From ruins to riches

I have almost exclusively written about various forms of urban reuse, including adaptive reuse, urban infill, even suburban retrofitting. All of these forms of development, different from green field, obviously require commitment and at least some creativity.

That said, I’m really fascinated by how some historic building types lend themselves perfectly to specific adaptive reuse concepts. For instance, schools are great because old classroom sizes are perfect for a small studio/1br apartment. Combining two classrooms is an easy way to create a large 2br apartment. Developers seem to get this, judging by the sheer volume of school conversions, particularly amongst Ohio’s affordable housing development scene (i.e., what I’m most familiar with). Does it really require creativity and a deep commitment once a concept such as this is proven?

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Historic landmarks are not immune to tragedies, whether they be fire, flood, and so on. I’ve seen many landmarks, particularly OKC’s flood-damaged Stage Center, lost to acts of god. Luckily though, I’ve seen some cities pull together to save ruined landmarks.

Omaha’s iconic Old Market was struck with such a travesty when its iconic M’s Pub Building caught fire after a natural gas explosion during a polar vortex event last year:

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Property owner Mercer Management announced they would save the building and begin the restoration process immediately. That shows commitment. After worries that the Old Market would lose one of its more iconic buildings, 11 months later all three original tenants are building out these spaces once again:

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Last year, Louisville made national news when its famed Whiskey Row caught fire while extensive rehabilitation work was underway.

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111 Whiskey Row – the three buildings combined as one new asset with 87,000 square feet – is going forward after an insurance settlement covered a large portion (though undisclosed) of the $4 million in damage caused by the fire. The developers, Main Street Revitalization, are a consortium of local preservationists, who have shown a deep commitment to this project. They will be rewarded for their commitment once they open this unique piece of real estate for business. They reportedly expect apartments to lease quickly, and storefronts to fill. Old Forester Distillery is one of 5 new distilleries opening up nearby:

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The Central Hotel in Galion, Ohio was a typical small town feel-good story. The historic hotel in the town center had been renovated in 2004 into affordable senior housing – both providing needed affordable housing in this community, and keeping the lights on in one of its better buildings. Then in 2015 it was discovered that shoddy construction work done by contractors had left the foundation and entire building unstable, prompting an immediate evacuation and relocation of residents. At this point, it would have been cheaper to demolish the building and build replacement units on the site.

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Luckily for Galion, and despite the shoddy construction work, this property was managed and operated by deeply-committed non-profit partners who were willing to absorb losses to stand by this project. Beyond LEADS (a community action agency in Mid Ohio) and OCCH (a non-profit housing syndicator), the City of Galion also came in clutch by providing a small CDBG grant to help save the building. Every little bit helped, and through the power of leveraging, the building is back in service and residents are moved back in.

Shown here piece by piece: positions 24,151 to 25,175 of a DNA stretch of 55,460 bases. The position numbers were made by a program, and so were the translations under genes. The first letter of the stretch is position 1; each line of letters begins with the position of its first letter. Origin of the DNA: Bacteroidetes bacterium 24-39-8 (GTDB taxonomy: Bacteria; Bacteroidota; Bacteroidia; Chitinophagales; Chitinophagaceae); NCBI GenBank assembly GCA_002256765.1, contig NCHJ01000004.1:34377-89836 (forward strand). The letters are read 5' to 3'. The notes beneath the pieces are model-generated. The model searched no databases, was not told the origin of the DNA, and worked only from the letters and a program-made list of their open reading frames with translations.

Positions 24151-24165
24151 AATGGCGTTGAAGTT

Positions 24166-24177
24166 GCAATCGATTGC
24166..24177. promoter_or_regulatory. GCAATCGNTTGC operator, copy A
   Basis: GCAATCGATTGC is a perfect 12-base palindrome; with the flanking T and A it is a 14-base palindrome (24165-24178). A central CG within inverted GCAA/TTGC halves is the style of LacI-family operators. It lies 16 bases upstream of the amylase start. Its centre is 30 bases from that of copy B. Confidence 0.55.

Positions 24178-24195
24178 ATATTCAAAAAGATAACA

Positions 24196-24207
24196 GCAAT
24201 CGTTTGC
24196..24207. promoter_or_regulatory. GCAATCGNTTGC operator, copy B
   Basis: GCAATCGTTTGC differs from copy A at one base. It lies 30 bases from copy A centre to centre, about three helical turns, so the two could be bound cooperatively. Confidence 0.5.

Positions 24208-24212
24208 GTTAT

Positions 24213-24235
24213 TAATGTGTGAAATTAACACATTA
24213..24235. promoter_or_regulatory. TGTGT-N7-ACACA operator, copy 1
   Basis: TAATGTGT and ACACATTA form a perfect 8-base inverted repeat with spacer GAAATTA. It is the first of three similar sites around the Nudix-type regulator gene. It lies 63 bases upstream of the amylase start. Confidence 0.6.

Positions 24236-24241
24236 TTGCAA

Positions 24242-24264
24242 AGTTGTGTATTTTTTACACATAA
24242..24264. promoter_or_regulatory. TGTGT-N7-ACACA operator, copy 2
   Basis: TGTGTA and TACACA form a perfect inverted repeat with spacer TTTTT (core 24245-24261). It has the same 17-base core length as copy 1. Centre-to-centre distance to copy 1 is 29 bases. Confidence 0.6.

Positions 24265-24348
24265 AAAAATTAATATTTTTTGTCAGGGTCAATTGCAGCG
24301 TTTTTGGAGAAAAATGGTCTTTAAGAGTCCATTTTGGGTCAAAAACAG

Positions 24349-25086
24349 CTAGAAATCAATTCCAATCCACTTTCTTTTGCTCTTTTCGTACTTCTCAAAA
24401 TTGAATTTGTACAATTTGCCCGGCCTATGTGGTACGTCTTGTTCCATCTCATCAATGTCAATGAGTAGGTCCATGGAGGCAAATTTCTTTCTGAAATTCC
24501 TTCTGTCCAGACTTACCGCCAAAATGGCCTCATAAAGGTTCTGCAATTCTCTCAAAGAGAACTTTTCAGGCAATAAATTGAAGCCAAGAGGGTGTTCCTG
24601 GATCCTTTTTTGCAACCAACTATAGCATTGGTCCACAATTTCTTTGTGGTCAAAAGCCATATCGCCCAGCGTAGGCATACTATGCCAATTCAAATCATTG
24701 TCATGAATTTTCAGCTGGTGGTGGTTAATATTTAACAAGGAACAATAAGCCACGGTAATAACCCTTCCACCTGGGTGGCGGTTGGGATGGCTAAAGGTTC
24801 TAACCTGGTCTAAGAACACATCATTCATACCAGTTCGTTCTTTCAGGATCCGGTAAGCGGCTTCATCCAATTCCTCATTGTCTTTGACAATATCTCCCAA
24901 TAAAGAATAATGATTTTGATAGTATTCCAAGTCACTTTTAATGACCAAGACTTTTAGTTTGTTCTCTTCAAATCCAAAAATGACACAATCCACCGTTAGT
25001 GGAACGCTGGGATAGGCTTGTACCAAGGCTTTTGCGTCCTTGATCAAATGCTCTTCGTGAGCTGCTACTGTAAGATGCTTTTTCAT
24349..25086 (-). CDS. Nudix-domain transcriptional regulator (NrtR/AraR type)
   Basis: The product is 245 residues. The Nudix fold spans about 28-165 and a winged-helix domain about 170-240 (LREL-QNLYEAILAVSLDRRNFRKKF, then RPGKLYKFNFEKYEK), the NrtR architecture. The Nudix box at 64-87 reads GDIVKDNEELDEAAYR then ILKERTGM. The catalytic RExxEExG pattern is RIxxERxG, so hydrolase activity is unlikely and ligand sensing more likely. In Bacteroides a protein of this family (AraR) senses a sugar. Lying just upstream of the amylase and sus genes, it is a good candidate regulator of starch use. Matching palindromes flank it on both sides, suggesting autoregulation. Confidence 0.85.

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All of these properties, suffice it to say, an average developer would have walked away from. Or worse yet, postured as “committed” by proposing to wipe the slate clean. Rather than that, these properties will continue to shine in a new light, and hopefully serve as models for other urban landmarks that may be devastated by fire. Congrats to everyone involved in the above projects, and here’s to your success. Undoubtedly, the market will support and reward these groups for their commitment to finishing the job right.

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Design Ingenuity: My wknd stay in Canadian public housing

Design Ingenuity is a series highlighting teachable examples of urban design. The first Design Ingenuity post highlighted US Bank Stadium in Minneapolis, the second highlighted OKC’s citywide park redevelopment plan. The goal of Design Ingenuity is to understand the difference that good design makes in the lives of city residents.

1-year ago, after learning about development processes and policy mechanisms behind American public housing at an accelerated rate, I had a hair-brained whim to go explore the Canadian equivalent.

daniels-spectrumI particularly wanted to see Regent Park – Toronto’s “most notorious” public housing estate (for all the wrong reasons, if you could imagine such a thing in Canada) – which underwent an ambitious revitalization project in 2005. Regent Park’s Daniels Spectrum community centre (an art gallery I believe?) recently won the UK’s prestigious Civic Trust Award, along with a bevy of other awards. This is not your grandfather’s public housing, or even Drake’s – see MTV article likening a co-appearance with the Toronto-native rapper to “a passport out of Regent Park.” The NY Times has hailed Regent Park, once a “neighborhood in despair,” as an international “model for inclusion.”

In case it seems odd (or insensitive) to “vacation” in another nation’s public housing…

  • I am very interested in the culture of public housing, which is quite rich.